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Frank Coffman

Terror at Twilight (a Seadhna Sonnet)

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Terror at Twilight

a Séadna* (pronounced: shay-na) Sonnet

by Frank Coffman

 

Doom! the blood-red sun is dying.

Clings it close on western rim.

Curséd Night is quickly nighing,

Thick clouds weep; day graying grim.

 

Grim the shape that in the shadows

Grows at ancient forest’s edge—

A Creature dread from Hell’s hollows

Made by spell of Yellow Mage

 

Magic dark has dragged it hither.

Earth is not it’s normal home.

And, now here, we know not whither

It will wend, nor rather roam.

 

Roam it shall! The Mage has bidden

Spell took from page of hidden tome.

 

 

“The Rules for the Irish SÉADNA

The basic requir4ements of the form:

1.     Quatrains of 8-7-8-7 syllables

2.     Lines 1 and 3 end on 2-syllable words

3.     Lines 2 and 4 end on 1-syllable words

4.     Lines 2 and 4 end-rhyme [I’ve used slant rhyme in section 2 << my variation]

The more difficult requirements  of the form:

5.     Every line has alliteration

6.     The final syllable of line 1 alliterates with A stressed word of line 2

7.     Line 3 rhymes [I’ve used slant rhymes << my variation] with the penultimate word of line 4

8.     There are TWO aicill rhymes [cross rhyming the final word of a line with either the first or an internal word in the next in the second couplet].

9.     Final word of line four alliterates with the preceding stressed word [Any preceding stressed word << my variation—also, section 2 fails in this, and only the ending couplet fully fulfills it]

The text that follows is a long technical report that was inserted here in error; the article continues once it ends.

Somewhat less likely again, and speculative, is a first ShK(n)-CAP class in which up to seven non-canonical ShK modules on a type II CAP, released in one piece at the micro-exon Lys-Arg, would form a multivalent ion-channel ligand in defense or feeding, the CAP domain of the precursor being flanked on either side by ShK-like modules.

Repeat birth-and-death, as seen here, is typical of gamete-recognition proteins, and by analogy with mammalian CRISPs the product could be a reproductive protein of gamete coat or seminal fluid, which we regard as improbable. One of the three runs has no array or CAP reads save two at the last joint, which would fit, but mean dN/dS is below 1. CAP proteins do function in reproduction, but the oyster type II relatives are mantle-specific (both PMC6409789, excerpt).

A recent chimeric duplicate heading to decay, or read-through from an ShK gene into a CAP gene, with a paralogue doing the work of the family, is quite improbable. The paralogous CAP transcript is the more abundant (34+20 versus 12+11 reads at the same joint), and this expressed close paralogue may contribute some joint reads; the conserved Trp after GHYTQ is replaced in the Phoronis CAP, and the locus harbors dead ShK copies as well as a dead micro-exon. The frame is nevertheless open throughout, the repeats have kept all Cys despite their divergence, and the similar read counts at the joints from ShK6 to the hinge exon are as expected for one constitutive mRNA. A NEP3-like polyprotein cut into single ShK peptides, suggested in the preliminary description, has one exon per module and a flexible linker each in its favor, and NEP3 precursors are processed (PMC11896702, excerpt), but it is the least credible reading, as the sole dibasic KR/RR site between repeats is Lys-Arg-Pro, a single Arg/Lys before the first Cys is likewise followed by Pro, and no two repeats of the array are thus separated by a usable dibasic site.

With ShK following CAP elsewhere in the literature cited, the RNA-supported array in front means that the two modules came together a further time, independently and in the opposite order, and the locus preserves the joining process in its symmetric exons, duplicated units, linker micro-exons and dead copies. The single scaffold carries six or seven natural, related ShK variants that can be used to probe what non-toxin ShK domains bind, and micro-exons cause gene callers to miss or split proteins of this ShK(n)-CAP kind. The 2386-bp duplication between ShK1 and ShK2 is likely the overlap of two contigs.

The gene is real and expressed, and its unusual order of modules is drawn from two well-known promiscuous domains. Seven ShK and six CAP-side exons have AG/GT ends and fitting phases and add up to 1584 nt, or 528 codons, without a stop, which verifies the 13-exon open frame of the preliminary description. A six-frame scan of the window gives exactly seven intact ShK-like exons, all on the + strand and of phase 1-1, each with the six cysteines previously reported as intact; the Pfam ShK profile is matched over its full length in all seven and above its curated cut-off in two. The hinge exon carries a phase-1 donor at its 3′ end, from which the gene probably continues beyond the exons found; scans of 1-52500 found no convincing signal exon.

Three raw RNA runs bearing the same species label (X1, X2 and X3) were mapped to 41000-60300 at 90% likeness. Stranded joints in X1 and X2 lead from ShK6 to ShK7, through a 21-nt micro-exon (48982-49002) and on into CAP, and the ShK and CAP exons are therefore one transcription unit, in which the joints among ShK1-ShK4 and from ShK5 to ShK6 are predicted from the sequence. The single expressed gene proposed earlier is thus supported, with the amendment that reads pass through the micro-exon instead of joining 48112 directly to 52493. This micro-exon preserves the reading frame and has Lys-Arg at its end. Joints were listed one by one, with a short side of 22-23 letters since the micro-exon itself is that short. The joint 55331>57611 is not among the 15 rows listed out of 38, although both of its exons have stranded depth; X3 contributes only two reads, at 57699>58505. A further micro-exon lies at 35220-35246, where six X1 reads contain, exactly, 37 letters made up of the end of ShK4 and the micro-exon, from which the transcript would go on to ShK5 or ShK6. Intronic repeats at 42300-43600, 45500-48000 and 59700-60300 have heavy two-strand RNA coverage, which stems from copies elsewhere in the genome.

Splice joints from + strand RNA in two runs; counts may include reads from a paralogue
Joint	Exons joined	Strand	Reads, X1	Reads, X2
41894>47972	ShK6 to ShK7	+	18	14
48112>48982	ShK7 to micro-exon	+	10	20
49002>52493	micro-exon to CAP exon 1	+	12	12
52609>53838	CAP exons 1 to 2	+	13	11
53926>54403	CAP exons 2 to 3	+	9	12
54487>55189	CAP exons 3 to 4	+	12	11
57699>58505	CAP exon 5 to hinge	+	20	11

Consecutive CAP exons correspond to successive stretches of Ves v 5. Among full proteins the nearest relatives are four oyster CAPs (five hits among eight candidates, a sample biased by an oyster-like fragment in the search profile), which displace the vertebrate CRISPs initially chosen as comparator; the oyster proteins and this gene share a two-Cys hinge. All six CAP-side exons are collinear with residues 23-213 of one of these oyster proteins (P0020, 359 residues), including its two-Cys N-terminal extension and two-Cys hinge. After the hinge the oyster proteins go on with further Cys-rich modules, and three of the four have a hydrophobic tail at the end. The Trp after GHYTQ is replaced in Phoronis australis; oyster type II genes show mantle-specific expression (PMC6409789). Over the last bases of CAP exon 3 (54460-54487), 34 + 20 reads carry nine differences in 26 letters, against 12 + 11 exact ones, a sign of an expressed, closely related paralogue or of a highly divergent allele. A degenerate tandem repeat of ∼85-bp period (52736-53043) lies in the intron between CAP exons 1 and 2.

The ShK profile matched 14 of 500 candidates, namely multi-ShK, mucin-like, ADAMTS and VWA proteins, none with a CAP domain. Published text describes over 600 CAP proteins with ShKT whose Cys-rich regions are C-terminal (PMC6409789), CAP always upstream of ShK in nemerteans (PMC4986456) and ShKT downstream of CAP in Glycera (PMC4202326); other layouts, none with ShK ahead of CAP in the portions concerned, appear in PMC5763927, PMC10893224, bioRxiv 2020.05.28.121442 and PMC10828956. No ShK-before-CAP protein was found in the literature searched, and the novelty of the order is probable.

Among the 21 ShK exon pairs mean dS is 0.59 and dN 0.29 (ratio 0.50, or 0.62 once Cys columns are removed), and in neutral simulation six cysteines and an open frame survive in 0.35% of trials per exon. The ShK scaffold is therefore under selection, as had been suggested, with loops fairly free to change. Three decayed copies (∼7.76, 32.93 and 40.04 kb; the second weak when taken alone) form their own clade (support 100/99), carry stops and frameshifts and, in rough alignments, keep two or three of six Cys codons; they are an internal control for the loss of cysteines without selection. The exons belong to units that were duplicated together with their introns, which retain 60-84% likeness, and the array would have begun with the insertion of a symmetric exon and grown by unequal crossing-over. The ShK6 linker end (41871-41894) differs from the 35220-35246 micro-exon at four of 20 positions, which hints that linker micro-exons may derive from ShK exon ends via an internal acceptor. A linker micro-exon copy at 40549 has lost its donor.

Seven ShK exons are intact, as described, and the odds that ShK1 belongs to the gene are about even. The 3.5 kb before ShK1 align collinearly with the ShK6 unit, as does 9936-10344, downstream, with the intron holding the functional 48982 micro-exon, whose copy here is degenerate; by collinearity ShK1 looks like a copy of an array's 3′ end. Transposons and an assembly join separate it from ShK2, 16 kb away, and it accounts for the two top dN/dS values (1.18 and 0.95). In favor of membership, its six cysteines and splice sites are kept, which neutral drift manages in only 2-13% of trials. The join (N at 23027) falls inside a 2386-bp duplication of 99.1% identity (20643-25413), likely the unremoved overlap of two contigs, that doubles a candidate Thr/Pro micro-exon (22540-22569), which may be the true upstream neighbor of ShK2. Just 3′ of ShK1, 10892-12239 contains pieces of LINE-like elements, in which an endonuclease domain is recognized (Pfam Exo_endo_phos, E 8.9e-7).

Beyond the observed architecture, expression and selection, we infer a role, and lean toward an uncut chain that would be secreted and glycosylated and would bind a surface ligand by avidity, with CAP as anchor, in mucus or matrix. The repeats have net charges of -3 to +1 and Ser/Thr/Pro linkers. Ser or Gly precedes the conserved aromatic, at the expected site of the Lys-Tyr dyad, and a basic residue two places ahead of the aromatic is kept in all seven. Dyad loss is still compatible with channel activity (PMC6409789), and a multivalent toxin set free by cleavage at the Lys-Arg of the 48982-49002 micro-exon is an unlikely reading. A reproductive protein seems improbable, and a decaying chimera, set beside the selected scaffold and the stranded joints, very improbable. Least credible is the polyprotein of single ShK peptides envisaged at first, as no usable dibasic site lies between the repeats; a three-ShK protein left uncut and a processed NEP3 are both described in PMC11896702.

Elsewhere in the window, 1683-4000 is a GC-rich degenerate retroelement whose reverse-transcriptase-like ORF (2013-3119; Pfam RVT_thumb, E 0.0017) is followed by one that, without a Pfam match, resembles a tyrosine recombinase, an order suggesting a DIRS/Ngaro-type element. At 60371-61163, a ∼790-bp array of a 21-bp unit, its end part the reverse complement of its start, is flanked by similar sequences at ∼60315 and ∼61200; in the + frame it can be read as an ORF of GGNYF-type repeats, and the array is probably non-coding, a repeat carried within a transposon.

10.  Each group concludes with dunadh [ending with the same sound (letter, syllable, or word) with which it began] OR it can mean [linking by chain rhyme one section with the next by using the last word of each section as the first word of the next  [<< I have used this latter option].

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Very spooky, in the spirit of the season. My favorite line has got to be "Earth is not its normal home" :excl:

Tony

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Thanks Tony,

The Irish forms (and the Welsh) are pretty challenging in English. This one is especially tricky. In the Celtic languages, alliterations, assonances, and even rhymes (certainly slant rhymes) are not nearly as difficult to find. In Welsh, the bards at the eisteddfods have to do some of the 24 official Welsh meters impromptu!!!  Most of the stuff I've had published lately is in the weird, horrific, supernatural, speculative range.

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